G8: what the markets think

by | Jul 9, 2009


Never mind what the commentariat thinks: for the real take on how the G8’s panning out, take a look at how the markets are reacting.  John Authers:

For currency traders, the G8 was notable solely for what was not said and for who was not there. Rhetoric suggested the summit would be the “high noon” for the dollar as a reserve currency, as China pushed for a more diversified anchor for foreign exchange.

But currencies are not even mentioned in the draft communiqué. China’s premier was not present for the discussions, thanks to trouble at home. The showdown on the dollar’s future did not happen. Rather than dancing to the tune of the world’s leaders, forex markets suffered a new wave of aversion to risk.

That wave started in the commodities market, where prices dipped sharply. The CRB index, a broad index of commodity prices, dropped to its lowest level since early May, pushing below its 200-day moving average – a strong signal that its rebound of the past few months was over. The CRB is down more than 12 per cent since it topped out last month and is 51 per cent below its high set last year. This implies that deflation – falling prices and stalled economic activity – is a much greater risk than the resurgent inflation that was being talked about only weeks ago.

Gold, an inflation hedge, fell 2.2 per cent and is now down more than 10 per cent since it hit $1,000 per ounce in February. In currencies, the Japanese yen, which gains when people are anxious, made dramatic and sudden gains against the dollar and the euro. This could increase pressure to intervene to keep the currency cheap.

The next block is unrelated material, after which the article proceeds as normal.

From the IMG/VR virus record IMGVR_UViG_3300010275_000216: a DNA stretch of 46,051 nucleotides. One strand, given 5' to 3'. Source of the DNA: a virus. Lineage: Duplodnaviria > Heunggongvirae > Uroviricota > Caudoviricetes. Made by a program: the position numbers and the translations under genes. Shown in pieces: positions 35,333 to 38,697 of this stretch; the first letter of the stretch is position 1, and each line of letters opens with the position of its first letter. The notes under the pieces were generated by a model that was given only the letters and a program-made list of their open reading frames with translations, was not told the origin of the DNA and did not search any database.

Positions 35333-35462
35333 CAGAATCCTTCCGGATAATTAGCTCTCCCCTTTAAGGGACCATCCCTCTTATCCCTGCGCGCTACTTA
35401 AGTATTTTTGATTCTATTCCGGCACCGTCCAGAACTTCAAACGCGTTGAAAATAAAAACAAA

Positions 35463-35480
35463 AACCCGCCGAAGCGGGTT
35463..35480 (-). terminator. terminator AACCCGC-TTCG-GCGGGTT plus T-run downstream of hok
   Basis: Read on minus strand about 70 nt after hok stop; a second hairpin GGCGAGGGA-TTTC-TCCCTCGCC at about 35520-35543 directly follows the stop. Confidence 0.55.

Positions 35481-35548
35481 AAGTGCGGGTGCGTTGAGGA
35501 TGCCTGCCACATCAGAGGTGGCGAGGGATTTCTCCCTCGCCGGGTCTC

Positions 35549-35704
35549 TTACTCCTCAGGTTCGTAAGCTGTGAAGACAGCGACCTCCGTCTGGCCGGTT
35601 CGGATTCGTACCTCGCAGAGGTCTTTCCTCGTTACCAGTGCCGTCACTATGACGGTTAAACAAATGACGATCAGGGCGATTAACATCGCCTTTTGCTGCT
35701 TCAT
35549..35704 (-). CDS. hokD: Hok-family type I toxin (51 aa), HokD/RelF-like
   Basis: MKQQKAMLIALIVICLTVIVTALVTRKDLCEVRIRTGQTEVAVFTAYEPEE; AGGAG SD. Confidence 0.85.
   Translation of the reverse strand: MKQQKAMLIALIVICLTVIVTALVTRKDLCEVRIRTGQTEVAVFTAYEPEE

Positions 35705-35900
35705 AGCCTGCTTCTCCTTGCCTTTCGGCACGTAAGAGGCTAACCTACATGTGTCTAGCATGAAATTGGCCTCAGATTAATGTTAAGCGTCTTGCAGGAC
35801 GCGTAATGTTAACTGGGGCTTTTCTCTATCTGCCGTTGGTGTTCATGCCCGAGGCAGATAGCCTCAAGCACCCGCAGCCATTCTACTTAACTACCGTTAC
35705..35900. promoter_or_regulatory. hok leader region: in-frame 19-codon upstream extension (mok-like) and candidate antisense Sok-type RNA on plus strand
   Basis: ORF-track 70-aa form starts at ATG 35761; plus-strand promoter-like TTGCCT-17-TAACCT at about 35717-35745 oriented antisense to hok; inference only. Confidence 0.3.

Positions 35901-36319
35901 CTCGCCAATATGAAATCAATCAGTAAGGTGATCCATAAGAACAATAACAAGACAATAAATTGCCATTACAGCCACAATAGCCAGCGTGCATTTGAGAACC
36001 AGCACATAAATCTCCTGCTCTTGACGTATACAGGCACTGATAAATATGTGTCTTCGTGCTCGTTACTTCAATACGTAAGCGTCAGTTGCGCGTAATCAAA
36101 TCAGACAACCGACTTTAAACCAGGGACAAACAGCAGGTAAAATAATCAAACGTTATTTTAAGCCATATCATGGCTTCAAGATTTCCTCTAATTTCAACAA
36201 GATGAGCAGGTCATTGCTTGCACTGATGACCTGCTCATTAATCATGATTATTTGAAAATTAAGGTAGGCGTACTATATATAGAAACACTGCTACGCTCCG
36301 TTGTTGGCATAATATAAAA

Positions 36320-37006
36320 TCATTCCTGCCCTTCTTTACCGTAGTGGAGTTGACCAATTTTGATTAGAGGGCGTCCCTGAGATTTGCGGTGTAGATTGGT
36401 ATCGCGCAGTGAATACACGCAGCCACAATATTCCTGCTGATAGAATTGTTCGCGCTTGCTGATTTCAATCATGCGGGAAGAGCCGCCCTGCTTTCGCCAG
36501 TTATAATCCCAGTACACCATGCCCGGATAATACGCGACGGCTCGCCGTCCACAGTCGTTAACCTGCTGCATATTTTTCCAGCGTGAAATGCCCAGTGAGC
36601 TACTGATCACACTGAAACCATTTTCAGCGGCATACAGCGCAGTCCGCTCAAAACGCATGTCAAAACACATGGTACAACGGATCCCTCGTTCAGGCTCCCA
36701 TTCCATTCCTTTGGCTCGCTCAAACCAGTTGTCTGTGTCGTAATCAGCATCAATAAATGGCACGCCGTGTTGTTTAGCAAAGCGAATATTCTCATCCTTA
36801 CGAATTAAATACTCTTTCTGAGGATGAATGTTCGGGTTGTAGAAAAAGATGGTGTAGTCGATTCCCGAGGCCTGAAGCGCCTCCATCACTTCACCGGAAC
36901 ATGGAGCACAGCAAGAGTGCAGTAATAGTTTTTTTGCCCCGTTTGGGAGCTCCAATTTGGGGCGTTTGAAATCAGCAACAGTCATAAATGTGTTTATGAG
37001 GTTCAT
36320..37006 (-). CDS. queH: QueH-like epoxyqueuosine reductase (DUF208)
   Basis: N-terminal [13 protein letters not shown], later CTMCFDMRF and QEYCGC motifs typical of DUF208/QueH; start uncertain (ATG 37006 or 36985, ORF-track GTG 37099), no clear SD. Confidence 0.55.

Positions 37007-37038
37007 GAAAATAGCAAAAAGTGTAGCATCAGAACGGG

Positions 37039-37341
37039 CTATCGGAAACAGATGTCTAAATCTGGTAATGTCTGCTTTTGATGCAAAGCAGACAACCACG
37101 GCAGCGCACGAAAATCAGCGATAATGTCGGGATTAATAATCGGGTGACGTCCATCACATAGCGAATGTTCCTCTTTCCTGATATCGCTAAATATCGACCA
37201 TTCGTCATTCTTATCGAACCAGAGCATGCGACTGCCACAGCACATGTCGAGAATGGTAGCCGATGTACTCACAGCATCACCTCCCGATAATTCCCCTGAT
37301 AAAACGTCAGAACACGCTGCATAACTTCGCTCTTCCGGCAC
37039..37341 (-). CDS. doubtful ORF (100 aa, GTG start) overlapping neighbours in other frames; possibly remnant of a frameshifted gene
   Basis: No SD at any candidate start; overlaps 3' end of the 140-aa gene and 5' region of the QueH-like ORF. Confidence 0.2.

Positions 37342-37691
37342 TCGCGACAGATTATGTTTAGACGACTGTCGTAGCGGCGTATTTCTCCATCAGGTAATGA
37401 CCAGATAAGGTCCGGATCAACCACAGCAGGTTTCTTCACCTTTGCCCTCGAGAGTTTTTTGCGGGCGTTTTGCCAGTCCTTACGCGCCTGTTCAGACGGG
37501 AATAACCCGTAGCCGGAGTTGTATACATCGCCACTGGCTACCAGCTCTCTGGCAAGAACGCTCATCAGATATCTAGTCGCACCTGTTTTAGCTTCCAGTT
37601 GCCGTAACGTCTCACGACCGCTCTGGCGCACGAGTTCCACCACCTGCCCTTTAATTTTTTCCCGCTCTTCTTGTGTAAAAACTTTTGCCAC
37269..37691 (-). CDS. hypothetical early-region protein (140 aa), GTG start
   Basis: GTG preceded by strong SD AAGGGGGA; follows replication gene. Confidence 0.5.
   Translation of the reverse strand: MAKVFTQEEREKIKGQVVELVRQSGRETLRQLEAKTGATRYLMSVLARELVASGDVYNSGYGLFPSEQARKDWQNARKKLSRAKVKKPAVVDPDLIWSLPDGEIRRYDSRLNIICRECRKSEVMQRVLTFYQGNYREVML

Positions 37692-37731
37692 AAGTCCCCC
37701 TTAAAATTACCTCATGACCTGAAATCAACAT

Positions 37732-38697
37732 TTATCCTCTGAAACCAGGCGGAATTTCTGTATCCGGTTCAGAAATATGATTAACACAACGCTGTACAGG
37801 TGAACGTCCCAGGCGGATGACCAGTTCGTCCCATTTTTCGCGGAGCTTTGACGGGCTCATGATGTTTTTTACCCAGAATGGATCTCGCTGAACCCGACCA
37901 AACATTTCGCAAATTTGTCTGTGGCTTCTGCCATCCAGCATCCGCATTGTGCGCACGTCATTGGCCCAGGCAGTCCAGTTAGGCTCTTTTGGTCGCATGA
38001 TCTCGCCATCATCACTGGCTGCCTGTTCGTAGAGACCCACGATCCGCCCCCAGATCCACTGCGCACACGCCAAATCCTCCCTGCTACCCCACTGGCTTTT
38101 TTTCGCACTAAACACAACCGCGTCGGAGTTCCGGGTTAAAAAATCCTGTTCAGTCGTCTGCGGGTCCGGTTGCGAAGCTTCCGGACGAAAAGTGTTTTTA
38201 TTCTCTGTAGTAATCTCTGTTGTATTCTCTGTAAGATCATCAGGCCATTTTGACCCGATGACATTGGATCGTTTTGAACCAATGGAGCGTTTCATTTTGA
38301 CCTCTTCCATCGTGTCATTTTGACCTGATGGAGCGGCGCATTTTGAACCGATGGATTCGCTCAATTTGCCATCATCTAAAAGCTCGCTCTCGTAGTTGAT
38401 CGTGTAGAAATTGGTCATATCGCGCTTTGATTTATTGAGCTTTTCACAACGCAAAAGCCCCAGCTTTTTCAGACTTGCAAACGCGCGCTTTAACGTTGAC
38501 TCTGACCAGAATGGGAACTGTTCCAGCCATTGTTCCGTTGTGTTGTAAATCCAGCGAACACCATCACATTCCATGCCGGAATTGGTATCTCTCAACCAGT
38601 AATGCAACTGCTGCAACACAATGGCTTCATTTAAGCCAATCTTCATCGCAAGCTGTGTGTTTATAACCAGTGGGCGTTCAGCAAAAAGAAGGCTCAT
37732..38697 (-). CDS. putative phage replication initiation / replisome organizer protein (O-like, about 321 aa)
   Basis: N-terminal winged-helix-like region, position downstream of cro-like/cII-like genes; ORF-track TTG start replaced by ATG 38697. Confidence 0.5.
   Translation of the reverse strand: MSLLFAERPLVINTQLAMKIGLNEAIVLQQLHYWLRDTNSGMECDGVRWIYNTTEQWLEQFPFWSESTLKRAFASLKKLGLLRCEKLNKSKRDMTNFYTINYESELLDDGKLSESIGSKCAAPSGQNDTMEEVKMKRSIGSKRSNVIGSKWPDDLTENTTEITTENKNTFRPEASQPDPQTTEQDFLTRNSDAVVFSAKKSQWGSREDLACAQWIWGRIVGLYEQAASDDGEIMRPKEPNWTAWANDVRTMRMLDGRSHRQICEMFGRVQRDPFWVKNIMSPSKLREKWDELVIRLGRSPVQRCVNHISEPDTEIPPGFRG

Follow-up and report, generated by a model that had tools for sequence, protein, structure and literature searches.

These developments are alarming. The pendulum in the debate between inflationists and deflationists has swung back to the deflationists – at a point that inflation still looks the lesser evil. But at least risk aversion will help the dollar avoid further falls and delay the moment when it is replaced as a reserve currency.

Author

  • Alex Evans

    Alex Evans is founder of the Collective Psychology Project, which explores how we can use psychology to reduce political tribalism and polarisation, a senior fellow at New York University, and author of The Myth Gap: What Happens When Evidence and Arguments Aren’t Enough? (Penguin, 2017). He is a former Campaign Director of the 50 million member global citizen’s movement Avaaz, special adviser to two UK Cabinet Ministers, climate expert in the UN Secretary-General’s office, and was Research Director for the Business Commission on Sustainable Development. He was part of Ethiopia’s delegation to the Paris climate summit and has consulted for Oxfam, WWF UK, the UK Cabinet Office and US State Department. Alex lives with his wife and two children in Yorkshire.


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